That's about 20 episodes! It takes time to edit each talk. We usually produce two or three a week, and the fall holidays slow things down. It will take until December... maybe January, to get them all done.

Radio Rating? Always a problem with forums that are heavy on PowerPoint slides. Sometimes the slides are mostly text, and the presenter reads them and elaborates on the points. Sometimes there are pictures, graphs, formulas - stuff that doesn't translate well to speech. We don't want to have to analyze them that closely and carefully calculate the grade. Our cop-out is to give them all a Radio Rating of C. If we do remember well, we'll fine-tune the grade. This episode has some slides, but you don't miss much, so this one is upgraded to a B.

Oct 2, 2017

Did you know the Boy Scouts Jamboree on the Air has been around for 60 years? So that's why Old JOTA. But our panel of hams — Scout leaders from around the country — keep the discussion fresh.

Gary and David welcome Bill Stearns NE4RD, Brian McDaniel N4AE, Mike Crownover AD5A and Jim Wilson K5ND to the show to talk JOTA, the annual Scouting on-air event that's coming up October 20-22.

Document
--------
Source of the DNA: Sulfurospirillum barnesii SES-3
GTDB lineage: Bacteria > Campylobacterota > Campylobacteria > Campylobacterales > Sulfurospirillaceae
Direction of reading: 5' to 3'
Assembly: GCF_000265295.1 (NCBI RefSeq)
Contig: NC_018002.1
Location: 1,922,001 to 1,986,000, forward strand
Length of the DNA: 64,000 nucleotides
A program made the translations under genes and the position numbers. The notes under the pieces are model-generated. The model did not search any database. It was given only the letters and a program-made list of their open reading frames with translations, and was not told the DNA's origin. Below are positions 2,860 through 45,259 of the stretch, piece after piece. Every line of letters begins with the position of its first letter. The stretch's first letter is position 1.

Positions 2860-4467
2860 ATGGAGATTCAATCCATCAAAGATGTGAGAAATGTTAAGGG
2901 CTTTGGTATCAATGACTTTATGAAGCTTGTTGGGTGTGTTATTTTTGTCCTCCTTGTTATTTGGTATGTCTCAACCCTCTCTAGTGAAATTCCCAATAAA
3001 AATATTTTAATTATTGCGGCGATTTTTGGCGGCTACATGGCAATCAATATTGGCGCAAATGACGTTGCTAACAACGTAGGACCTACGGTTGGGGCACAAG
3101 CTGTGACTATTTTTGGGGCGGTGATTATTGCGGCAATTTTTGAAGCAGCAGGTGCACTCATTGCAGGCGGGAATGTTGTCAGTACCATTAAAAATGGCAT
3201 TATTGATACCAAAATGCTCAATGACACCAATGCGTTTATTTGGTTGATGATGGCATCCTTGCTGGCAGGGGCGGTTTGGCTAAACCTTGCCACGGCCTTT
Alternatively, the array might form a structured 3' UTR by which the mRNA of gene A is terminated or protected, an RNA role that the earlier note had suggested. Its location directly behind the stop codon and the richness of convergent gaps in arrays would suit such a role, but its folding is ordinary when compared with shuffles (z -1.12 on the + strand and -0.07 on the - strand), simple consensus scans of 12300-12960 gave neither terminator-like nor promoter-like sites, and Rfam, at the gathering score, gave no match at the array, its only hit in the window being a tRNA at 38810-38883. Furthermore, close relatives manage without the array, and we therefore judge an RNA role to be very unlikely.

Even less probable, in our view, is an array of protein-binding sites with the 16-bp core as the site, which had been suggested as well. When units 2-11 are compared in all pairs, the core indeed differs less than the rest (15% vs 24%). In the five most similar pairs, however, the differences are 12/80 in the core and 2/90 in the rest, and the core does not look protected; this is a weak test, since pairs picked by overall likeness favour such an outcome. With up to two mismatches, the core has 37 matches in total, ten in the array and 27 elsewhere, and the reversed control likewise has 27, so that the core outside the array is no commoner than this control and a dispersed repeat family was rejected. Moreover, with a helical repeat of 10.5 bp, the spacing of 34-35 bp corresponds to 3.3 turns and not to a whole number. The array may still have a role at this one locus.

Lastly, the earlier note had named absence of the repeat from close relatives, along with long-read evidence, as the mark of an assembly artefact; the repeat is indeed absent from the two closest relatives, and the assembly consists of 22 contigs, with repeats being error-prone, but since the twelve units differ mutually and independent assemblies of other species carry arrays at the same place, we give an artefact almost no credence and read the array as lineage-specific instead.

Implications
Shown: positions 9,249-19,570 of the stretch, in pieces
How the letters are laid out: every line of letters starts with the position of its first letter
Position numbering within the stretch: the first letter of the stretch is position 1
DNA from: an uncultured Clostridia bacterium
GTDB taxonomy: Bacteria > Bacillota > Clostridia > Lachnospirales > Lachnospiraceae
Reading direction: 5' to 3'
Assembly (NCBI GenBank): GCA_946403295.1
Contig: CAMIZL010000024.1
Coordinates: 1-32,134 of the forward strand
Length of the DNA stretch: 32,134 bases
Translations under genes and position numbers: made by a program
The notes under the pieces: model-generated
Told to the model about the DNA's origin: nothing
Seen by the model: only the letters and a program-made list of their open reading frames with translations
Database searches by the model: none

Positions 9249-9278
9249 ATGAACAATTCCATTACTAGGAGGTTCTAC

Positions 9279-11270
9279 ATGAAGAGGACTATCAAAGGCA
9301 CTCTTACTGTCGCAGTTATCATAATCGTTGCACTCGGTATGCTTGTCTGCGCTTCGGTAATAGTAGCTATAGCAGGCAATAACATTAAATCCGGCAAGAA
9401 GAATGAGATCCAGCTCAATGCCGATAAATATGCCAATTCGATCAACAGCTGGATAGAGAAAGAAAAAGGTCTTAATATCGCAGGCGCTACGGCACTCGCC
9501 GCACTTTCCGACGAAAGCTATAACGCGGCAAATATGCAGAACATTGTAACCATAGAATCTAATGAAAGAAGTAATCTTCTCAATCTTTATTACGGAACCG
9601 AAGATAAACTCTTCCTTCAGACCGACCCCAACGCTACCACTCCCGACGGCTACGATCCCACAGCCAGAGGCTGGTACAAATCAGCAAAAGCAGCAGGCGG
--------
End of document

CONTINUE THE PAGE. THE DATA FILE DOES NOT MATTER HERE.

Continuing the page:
If you or your club are interested in hosting a JOTA event, it's not too late to get involved (assuming you see this in early October). Here's a good place to start, but you'll have to dig a bit to volunteer: https://www.k2bsa.net/jota/. The guys give more tips during the show.

This show is (a lot of) talking heads, so the Radio Rating is A. If you want to know who's who in the graphic, the top row, left to right, is David, Mike and Brian, and the bottom row is Bill and Jim. 

 

Sep 30, 2017

Oh, geez, what to say about this 'episode.' In quotes.

This was just a Facebook Live session to let fans see how David W0DHG was progressing in his quest to duplicate Gary KN4AQ's ARVN Studio.

We would say this is hard to do, if Marty Sullaway KC1CWF, who busts in halfway through this episode, hadn't done it himself practically overnight. But that's the kind of thing that makes Marty the Newsline Young Ham of the Year (and our late friend Bill Pasternack WA6ITF should be in that title somewhere).

So there's a lot of screwing around, and a lot of reference to the video (really... shouldn't this all be just audio, and wouldn't it be a lot easier?), so a Radio Rating is hard to pinpoint. Somehow we continue this ramble for more than 90 minutes. And it really is just for diehard fans of the show. And it's here in the audio feed only because we've got the bandwidth here at the end of the month, and we don't hold anything back.